Highway, (formerly the Alcan Highway), was
constructed by U.S. Army Engineers in only 8 months and 12 days,
(March to November) at a cost of $135 million. It was built as an
emergency war measure to provide an overland military supply route to
Alaska.. The road is 1,523 miles long and traverses
the Canadian Yukon and Alaska. The road Starts at Dawson Creek in
British Columbia and ends in Fairbanks, Alaska.
The Alaska portion of the road, arguably the most
difficult and hazardous section, was built by
the all-black 93rd, 97th and 95th
Army Engineer General Service Regiments of the Corps of
Engineers over the protests of the United States Army commander for
Alaska, General Simon Buckner, Jr.
African Americans were
initially kept from taking part in the Alaska Highway project because
of objections similar to those of General Buckner. However, due to a
severe shortage of manpower the Army decided to send the 93rd, 95th,
97th and 388th regiments to Alaska.
NOTE: The 388th
Regiment worked primarily on the CANOL
Oil Pipeline project.
African American regiments in
Alaska were forced to endure the frequent bigotry and prejudice that
was so much a part of those times and their living conditions while
building the highway were especially harsh. Since they were not
permitted to visit the nearby settlements or towns, most of the men
were forced to live in tents which gave little or no protection from
the freezing Alaskan weather.
Despite the weather, the tents and the lack of food,
the men maintained a high morale. For the 95th regiment, this was
primarily through the efforts of a Clergyman named Edward G.
Carroll, who kept the men supplied with music, books and inspirational
In 1994, the Mary
Lou Williams Center of Duke
University hosted a photographic exhibit highlighting the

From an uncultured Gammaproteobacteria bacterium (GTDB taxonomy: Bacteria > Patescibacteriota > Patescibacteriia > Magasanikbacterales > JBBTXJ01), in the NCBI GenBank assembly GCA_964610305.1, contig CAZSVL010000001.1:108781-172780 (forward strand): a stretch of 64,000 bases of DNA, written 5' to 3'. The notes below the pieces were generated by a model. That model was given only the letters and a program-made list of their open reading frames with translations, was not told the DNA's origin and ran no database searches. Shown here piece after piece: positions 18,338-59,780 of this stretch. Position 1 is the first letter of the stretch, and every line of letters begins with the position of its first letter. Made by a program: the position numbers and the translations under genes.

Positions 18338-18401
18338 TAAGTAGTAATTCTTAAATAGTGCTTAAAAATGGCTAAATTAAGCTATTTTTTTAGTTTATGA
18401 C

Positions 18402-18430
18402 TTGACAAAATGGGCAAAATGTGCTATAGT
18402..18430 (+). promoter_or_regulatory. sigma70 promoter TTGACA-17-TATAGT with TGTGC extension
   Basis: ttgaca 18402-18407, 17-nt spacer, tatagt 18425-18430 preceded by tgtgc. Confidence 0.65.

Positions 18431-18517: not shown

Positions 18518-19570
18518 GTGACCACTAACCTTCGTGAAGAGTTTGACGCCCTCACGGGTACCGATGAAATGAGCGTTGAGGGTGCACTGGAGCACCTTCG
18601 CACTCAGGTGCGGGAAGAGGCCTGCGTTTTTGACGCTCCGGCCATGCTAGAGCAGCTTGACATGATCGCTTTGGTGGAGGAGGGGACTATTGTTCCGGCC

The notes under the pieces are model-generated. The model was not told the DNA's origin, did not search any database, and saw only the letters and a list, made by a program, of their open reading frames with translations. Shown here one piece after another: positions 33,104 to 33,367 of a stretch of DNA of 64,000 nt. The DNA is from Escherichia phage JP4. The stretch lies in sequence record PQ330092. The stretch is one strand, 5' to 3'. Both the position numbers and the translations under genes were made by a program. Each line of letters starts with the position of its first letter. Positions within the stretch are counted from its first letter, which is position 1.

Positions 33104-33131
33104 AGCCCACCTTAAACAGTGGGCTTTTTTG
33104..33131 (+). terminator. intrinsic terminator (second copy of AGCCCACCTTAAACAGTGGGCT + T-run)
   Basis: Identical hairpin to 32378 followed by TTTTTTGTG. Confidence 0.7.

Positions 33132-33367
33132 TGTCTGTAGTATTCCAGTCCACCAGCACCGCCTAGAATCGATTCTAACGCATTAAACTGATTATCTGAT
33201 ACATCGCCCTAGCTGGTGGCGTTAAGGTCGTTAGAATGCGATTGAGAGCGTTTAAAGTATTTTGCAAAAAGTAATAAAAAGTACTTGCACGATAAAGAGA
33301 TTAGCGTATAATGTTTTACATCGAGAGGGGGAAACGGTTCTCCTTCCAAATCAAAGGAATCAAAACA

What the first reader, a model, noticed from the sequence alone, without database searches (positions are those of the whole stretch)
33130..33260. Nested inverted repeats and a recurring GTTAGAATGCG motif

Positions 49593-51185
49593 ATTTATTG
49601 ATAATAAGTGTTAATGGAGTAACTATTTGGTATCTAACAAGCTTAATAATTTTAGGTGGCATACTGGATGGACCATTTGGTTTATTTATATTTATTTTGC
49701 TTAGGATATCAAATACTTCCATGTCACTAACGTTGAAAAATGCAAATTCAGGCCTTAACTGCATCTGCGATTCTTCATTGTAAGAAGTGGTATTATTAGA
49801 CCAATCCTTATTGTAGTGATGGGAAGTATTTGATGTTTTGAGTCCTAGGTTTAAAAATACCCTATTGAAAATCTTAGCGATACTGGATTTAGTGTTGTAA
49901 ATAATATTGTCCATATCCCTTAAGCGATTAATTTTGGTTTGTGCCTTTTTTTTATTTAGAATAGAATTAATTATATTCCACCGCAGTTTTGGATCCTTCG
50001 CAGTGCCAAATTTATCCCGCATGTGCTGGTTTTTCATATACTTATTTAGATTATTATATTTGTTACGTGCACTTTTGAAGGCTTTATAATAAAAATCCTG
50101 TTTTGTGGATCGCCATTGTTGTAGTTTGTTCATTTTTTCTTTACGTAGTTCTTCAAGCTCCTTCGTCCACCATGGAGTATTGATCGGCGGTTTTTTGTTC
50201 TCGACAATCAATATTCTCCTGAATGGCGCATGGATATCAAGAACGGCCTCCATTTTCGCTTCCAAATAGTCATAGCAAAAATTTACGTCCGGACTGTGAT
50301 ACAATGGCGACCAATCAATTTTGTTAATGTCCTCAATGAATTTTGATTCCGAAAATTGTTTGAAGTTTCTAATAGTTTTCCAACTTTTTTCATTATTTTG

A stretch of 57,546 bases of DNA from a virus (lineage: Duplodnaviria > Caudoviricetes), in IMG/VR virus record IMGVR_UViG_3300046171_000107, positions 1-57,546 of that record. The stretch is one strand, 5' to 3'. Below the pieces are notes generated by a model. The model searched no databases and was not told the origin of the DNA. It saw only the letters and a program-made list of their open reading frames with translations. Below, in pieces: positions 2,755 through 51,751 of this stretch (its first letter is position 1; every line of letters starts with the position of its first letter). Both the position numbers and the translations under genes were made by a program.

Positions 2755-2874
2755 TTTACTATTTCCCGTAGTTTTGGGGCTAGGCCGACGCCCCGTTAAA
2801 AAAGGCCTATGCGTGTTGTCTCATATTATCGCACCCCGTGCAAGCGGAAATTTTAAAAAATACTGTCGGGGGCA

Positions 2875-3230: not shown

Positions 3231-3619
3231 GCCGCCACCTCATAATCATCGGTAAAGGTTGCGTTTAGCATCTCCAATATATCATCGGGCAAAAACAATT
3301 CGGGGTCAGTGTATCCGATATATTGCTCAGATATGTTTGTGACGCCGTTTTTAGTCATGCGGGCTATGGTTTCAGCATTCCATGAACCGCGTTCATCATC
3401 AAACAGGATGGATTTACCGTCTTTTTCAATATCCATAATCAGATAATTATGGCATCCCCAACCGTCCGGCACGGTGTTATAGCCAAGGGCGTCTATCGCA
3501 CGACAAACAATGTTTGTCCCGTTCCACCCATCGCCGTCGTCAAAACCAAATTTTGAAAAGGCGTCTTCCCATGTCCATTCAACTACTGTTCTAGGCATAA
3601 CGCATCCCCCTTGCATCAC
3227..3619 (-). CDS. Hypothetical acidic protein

accomplishments of the 95th regiment in Alaska. The Duke
Chronicle relates a story of the 95th where, "when faced with the challenge of building a bridge, the men decided to
place their salaries on the line by betting that they could finish the
bridge in four days. Much to the surprise of seasoned engineers, the
regiment did just that and completed the task in less than 84 hours,
half the time it usually takes to build a bridge of those proportions."
Although the Alaska project is remembered in the
folklore of the area, one commonly overlooked detail is the remarkable
work of the 3,695 black men who were originally deemed unfit for the
task. When the road was formally dedicated, Brig. Gen. James A.
O'Conner singled out the black troops for their hard work and
dedication stating, "Some day the accomplishment of these
colored soldiers, achievements accomplished far from their homes, will
occupy a major place in the lore of the North country."
Lt. Governor, Fran Ulmer speaking at Eilson Air Force Base in Alaska
on March 8, 2002, (During Black History Month Ceremonies) praised
the efforts of the 4,000 black soldiers of the 93rd, 95th and 97th
Army Engineer General Service Regiments who were instrumental in
building the Alaska Highway.
"If you've ever driven the Alaska Highway, you might
remember a bridge just south of Delta on the way to Tok, that spans
the Gerstle River," she said. "There's a sign on both ends
displaying its name - the Black Veterans Memorial Bridge.
It is a small gesture to name a bridge, but I hope that by doing so we
will be reminded of the significance of the contributions of the
regiments and of every black soldier since."
Governor Ulmer further stated, "Without the black soldiers, the
Alcan would likely never have been built in such a short time.